Semaglutide is already available in a 0.5-mg and 1-mg injectable dose sold under the trade name Ozempic, which is indicated for type 2 diabetes and risk reduction of major cardiovascular events, including heart attack, stroke, and death, in adults with type 2 diabetes with known heart disease, which was first approved in December 2017.
And in September 2019, an oral form of semaglutide was approved in 7-mg and 14-mg tablets, sold under the trade name Rybelsus, likewise indicated for type 2 diabetes.
Novo Nordisk also holds approval for liraglutide, another GLP-1 receptor agonist, sold under the trade name Victoza (1.2 or 1.8 mg/day) indicated for type 2 diabetes.
Following this initial approval in 2010, liraglutide was later approved under the name Saxenda (3 mg/day) in 2014 for chronic weight management in adults with a BMI of 30 or higher, or a BMI of 27 or higher and at least one weight-related medical condition.
Effect of Continued Weekly Subcutaneous Semaglutide vs Placebo on Weight Loss Maintenance in Adults With Overweight or Obesity: The STEP 4 Randomized Clinical Trial
Domenica Rubino; Niclas Abrahamsson; Melanie Davies; Dan Hesse; Frank L Greenway; Camilla Jensen; Ildiko Lingvay; Ofri Mosenzon; Julio Rosenstock; Miguel A Rubio; Gottfried Rudofsky; Sayeh Tadayon; Thomas A Wadden; Dror Dicker; for the STEP 4 Investigators
Published in JAMA on 23 March 2021
The effect of continuing vs withdrawing treatment with semaglutide, a glucagon-like peptide 1 receptor agonist, on weight loss maintenance in people with overweight or obesity is unknown.
To compare continued once-weekly treatment with subcutaneous semaglutide, 2.4 mg, with switch to placebo for weight maintenance (both with lifestyle intervention) in adults with overweight or obesity after a 20-week run-in with subcutaneous semaglutide titrated to 2.4 mg weekly.
Design, Setting, and Participants
Randomized, double-blind, 68-week phase 3a withdrawal study conducted at 73 sites in 10 countries from June 2018 to March 2020 in adults with body mass index of at least 30 (or ≥27 with ≥1 weight-related comorbidity) and without diabetes.
A total of 902 participants received once-weekly subcutaneous semaglutide during run-in. After 20 weeks (16 weeks of dose escalation; 4 weeks of maintenance dose), 803 participants (89.0%) who reached the 2.4-mg/wk semaglutide maintenance dose were randomized (2:1) to 48 weeks of continued subcutaneous semaglutide (n = 535) or switched to placebo (n = 268), plus lifestyle intervention in both groups.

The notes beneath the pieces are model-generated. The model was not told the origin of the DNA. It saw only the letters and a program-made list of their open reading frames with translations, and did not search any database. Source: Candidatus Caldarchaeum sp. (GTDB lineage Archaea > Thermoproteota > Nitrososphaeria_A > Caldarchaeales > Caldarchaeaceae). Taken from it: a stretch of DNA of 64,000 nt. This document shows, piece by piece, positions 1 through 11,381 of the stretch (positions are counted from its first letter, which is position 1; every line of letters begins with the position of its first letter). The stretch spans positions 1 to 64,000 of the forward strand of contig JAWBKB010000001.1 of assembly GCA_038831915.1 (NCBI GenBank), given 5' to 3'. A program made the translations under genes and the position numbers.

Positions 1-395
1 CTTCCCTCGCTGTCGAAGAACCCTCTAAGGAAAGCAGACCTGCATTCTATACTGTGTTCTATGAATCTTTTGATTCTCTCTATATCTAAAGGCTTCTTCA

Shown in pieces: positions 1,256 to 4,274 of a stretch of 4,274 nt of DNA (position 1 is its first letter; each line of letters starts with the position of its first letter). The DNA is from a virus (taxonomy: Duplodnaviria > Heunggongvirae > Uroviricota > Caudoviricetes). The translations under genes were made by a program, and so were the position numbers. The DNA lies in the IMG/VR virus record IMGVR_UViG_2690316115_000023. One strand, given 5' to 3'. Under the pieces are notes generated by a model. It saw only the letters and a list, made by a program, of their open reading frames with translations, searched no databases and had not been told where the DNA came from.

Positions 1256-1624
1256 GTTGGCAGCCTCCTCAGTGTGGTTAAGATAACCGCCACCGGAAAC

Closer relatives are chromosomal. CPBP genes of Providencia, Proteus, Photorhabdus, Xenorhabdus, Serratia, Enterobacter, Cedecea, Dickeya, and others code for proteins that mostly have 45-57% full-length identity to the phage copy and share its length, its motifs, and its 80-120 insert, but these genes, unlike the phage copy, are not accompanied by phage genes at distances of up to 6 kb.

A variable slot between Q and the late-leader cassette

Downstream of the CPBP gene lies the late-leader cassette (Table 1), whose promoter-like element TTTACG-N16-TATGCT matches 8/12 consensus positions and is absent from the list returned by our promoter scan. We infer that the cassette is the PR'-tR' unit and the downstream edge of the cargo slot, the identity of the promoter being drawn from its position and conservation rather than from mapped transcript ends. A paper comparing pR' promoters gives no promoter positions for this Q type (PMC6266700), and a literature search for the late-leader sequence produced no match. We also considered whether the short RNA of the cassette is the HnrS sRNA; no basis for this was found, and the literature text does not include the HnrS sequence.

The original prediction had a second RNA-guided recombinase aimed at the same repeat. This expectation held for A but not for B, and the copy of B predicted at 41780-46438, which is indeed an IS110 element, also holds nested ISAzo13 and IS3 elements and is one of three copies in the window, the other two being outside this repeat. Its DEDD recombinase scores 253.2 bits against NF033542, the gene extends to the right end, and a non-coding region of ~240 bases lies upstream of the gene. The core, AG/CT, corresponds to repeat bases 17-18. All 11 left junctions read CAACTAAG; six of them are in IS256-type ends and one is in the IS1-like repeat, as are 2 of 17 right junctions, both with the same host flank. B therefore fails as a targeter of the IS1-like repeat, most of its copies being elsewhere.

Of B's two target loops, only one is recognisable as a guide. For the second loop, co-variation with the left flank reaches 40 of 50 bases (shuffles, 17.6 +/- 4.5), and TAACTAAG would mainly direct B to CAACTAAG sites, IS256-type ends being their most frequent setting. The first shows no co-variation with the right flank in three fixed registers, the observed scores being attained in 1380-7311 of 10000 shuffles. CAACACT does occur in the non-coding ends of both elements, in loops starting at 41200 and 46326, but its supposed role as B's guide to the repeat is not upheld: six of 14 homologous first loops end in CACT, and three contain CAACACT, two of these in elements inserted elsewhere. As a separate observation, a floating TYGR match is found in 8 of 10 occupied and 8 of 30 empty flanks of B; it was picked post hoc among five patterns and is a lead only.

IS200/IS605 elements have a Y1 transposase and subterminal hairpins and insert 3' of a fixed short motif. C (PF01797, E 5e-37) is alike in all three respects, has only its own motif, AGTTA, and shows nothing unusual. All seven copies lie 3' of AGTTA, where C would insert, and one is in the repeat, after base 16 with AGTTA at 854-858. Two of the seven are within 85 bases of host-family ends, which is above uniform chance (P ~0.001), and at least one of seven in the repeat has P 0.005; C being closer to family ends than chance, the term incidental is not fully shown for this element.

Main Outcomes and Measures
The primary end point was percent change in body weight from week 20 to week 68; confirmatory secondary end points were changes in waist circumference, systolic blood pressure, and physical functioning (assessed using the Short Form 36 Version 2 Health Survey, Acute Version [SF-36]).
Among 803 study participants who completed the 20-week run-in period (with a mean weight loss of 10.6%) and were randomized (mean age, 46 [SD, 12] years; 634 [79%] women; mean body weight, 107.2 kg [SD, 22.7 kg]), 787 participants (98.0%) completed the trial and 741 (92.3%) completed treatment. With continued semaglutide, mean body weight change from week 20 to week 68 was −7.9% vs +6.9% with the switch to placebo (difference, −14.8 [95% CI, −16.0 to −13.5] percentage points; P < .001). Waist circumference (−9.7 cm [95% CI, −10.9 to −8.5 cm]), systolic blood pressure (−3.9 mm Hg [95% CI, −5.8 to −2.0 mm Hg]), and SF-36 physical functioning score (2.5 [95% CI, 1.6-3.3]) also improved with continued subcutaneous semaglutide vs placebo (all P < .001). Gastrointestinal events were reported in 49.1% of participants who continued subcutaneous semaglutide vs 26.1% with placebo; similar proportions discontinued treatment because of adverse events with continued semaglutide (2.4%) and placebo (2.2%).
Conclusions and Relevance
Among adults with overweight or obesity who completed a 20-week run-in period with subcutaneous semaglutide, 2.4 mg once weekly, maintaining treatment with semaglutide compared with switching to placebo resulted in continued weight loss over the following 48 weeks.